LIVERPOOL, ENGLAND - Saturday, March 4, 2017: Liverpool's manager Jürgen Klopp during the FA Premier League match against Arsenal at Anfield. (Pic by David Rawcliffe/Propaganda)

How Liverpool’s defensive organisation fuelled 3-1 victory over Arsenal

Liverpool’s 3-1 win at home to Arsenal on Saturday saw Jurgen Klopp‘s side learn from their mistakes and build from a strong defensive platform.

Returning to Anfield on Saturday evening, the Reds produced the perfect response to their 3-1 defeat away to Leicester City five days earlier, as they kept their top-four challenge alive.

Goals from Roberto Firmino, Sadio Mane and Georginio Wijnaldum secured a priceless three points against another of their Premier League rivals, with Klopp overseeing a devastating attacking display.

But for all of Liverpool’s free-flowing excellence moving forward, the backbone to their victory over the Gunners came in defence—and this saw a marked improvement on Merseyside.

After such a shambolic showing at the King Power Stadium, this was the perfect tonic, and a solid, organised Liverpool showed signs of genuine, top-level mettle once again.


Liverpool’s Defensive Setup

LIVERPOOL, ENGLAND - Saturday, March 4, 2017: Liverpool's manager Jürgen Klopp celebrates the 3-1 victory with Ragnar Klavan after the FA Premier League match against Arsenal at Anfield. (Pic by David Rawcliffe/Propaganda)

With injuries to Dejan Lovren, Jordan Henderson and Daniel Sturridge limiting his options in the buildup to Saturday’s clash, Klopp made just one change from the side that lost away to Leicester.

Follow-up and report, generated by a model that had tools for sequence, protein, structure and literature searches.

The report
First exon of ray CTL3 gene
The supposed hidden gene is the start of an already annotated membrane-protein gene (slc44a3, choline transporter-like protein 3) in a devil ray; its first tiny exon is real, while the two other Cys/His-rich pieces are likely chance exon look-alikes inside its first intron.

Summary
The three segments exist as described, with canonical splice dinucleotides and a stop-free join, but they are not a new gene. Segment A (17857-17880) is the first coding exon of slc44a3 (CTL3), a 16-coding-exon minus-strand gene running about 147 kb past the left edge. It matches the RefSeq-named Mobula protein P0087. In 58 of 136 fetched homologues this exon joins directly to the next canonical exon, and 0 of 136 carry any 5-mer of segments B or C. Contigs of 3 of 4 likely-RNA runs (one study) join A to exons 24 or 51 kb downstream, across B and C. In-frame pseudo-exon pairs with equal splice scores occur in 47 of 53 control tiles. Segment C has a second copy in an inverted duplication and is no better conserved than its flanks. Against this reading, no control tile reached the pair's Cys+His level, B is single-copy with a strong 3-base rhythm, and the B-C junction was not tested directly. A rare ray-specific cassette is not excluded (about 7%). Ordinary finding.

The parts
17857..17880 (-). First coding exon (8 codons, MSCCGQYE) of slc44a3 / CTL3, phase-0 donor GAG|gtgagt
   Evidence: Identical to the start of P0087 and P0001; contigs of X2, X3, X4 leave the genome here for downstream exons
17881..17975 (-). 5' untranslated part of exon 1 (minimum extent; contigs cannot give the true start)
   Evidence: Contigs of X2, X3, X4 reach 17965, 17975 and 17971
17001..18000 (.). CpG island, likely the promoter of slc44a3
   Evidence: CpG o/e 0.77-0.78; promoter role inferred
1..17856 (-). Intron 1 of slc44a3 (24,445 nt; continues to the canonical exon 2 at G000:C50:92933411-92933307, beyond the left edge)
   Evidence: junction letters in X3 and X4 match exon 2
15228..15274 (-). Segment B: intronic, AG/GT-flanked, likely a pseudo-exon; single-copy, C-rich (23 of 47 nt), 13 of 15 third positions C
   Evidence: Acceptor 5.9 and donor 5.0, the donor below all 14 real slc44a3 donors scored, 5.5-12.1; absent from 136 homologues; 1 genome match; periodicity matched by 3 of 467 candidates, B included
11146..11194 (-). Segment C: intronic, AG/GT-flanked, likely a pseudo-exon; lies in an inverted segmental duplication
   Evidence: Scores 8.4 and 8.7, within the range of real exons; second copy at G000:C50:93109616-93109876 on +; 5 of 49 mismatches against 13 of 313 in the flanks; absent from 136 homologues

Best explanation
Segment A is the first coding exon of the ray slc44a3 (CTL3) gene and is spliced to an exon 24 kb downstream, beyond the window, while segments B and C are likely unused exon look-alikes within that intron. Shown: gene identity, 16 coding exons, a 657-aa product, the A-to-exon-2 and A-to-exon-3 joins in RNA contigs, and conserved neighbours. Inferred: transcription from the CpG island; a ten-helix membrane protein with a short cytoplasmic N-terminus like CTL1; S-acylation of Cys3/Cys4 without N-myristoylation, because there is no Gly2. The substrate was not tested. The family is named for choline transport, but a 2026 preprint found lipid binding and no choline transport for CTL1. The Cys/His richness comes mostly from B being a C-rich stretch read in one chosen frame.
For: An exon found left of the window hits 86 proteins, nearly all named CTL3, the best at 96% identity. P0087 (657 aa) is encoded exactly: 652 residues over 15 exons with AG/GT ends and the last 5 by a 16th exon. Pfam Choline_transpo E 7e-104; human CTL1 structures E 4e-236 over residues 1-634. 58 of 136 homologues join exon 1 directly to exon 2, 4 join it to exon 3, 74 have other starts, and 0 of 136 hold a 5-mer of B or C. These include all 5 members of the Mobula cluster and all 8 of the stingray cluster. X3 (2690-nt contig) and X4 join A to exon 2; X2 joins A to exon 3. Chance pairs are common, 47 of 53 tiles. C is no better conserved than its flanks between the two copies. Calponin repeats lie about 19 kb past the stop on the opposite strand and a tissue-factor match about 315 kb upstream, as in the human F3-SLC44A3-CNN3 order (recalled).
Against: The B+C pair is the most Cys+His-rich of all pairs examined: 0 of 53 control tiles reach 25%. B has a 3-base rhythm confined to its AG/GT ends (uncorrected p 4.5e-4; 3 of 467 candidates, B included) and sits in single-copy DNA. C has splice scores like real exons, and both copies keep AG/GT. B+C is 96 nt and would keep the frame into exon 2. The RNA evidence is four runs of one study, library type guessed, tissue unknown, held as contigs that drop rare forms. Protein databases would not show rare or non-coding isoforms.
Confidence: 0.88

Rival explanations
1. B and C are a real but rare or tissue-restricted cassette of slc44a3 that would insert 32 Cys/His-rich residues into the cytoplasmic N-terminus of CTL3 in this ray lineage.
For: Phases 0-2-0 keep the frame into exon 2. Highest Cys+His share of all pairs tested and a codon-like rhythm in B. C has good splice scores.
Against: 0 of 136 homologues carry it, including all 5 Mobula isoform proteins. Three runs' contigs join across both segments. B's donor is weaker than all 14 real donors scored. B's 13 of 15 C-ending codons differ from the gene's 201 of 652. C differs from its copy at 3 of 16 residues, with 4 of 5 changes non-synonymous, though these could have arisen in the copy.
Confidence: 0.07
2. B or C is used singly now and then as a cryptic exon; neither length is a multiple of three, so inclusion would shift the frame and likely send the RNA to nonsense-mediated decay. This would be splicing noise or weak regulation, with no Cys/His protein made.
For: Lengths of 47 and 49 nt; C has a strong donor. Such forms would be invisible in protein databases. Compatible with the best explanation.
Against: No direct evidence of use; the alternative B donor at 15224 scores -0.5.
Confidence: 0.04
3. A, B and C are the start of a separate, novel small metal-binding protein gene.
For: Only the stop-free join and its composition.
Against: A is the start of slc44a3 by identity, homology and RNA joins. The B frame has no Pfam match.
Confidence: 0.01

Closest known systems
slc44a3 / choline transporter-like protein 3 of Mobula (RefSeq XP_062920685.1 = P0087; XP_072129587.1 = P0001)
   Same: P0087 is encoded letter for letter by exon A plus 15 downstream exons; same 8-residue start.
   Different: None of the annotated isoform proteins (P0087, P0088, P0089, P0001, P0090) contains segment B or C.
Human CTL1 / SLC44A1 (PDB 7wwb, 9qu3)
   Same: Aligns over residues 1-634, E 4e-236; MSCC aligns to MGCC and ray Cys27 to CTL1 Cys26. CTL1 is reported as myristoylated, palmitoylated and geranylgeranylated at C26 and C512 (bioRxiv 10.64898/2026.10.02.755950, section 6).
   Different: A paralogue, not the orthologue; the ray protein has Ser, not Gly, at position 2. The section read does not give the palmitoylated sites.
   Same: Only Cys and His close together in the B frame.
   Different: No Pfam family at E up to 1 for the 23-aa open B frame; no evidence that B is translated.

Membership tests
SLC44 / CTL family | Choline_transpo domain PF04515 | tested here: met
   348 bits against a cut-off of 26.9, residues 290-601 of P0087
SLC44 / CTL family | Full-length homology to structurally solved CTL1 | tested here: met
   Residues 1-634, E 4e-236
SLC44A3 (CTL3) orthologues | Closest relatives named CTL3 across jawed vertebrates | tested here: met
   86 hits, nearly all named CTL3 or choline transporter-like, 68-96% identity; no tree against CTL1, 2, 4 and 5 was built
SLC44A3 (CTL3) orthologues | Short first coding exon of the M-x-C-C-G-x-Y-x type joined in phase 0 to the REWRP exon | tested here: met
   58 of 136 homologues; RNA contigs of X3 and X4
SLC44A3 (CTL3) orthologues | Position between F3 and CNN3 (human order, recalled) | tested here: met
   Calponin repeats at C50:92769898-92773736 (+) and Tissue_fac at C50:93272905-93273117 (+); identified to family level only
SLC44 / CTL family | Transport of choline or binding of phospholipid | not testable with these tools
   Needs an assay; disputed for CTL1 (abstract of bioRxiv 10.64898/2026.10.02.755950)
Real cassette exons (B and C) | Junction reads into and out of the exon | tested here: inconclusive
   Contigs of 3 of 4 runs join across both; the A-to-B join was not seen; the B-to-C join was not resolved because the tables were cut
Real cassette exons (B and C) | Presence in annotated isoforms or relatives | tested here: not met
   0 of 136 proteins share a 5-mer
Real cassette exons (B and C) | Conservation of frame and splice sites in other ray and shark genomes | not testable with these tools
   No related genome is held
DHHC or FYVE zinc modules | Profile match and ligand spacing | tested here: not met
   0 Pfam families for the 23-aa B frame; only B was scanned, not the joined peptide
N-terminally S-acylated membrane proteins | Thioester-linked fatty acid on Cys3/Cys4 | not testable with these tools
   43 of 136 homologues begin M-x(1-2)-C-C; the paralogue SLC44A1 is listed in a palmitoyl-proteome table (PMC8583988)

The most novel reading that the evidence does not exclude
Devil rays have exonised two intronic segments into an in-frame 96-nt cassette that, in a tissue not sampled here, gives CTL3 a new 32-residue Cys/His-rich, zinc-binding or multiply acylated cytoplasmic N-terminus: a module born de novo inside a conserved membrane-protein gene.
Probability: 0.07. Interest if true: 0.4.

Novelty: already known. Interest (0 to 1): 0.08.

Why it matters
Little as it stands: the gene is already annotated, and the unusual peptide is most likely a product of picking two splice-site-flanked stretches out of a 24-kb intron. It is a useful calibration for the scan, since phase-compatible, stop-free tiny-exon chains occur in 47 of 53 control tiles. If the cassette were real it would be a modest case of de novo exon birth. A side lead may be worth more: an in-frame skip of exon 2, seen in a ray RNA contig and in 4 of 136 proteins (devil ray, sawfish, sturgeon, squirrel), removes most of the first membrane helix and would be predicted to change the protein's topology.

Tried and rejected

This saw Ragnar Klavan come in to replace Lucas Leiva, with the German seemingly acknowledging a major flaw in Liverpool’s back line at the King Power Stadium.

Lucas had suffered against the pace of Jamie Vardy on Monday night, and the Brazilian’s lack of mobility in Liverpool’s high line was exploited throughout.

Klopp had clearly learned his lesson from that chastening loss, and this was a big theme on Saturday, with the Reds’ setup taking cues from its failings against Leicester.

Most notably, Klopp’s switch to a three-man defensive line midway through the loss to the Foxes served as inspiration, with Liverpool adopting a loosely similar approach at Anfield.

With Klavan joining Joel Matip at the back, Klopp was able to call upon two confident, progressive centre-backs: able to step out of defence, play vertical passes into midfield and provide a crucial balance of left and right.

Liverpool’s full-backs were also able to push higher, with James Milner particularly adventurous against the Gunners, making the most touches of the ball of any player on the night (81).

And with Wijnaldum and Adam Lallana staying compact in their dynamic midfield roles, leading the press and providing support during turnovers, they found the balance required to implement Klopp’s overwhelming system.

This saw Liverpool return to their impressive, expansive attacking play of the first half of the season.

As Mane, Firmino and Philippe Coutinho performed at their effervescent, telepathic best, Arsenal were unable to respond—despite a brief rally in the second half.

But while the forward line deserve credit for Saturday’s victory, the linchpin was Klopp’s utilising of Emre Can as his No. 6, with the 23-year-old setting the tone in his defensive duty.


Emre Can’s Importance

LIVERPOOL, ENGLAND - Saturday, March 4, 2017: Liverpool's Emre Can in action against Arsenal's Alex Oxlade-Chamberlain during the FA Premier League match at Anfield. (Pic by David Rawcliffe/Propaganda)

With Henderson sidelined with a troubling foot injury, Klopp has been forced to adapt his system in the engine room in midfield, with Can the beneficiary.

But after an unsuccessful audition against Leicester, where he struggled to find any balance or provide Lucas and Matip with consistent protection, Klopp altered Can’s approach slightly on Saturday.

This saw the German drop deep between Liverpool’s centre-backs, ostensibly serving as an auxiliary defender—a setup reminiscent of the second half at the King Power.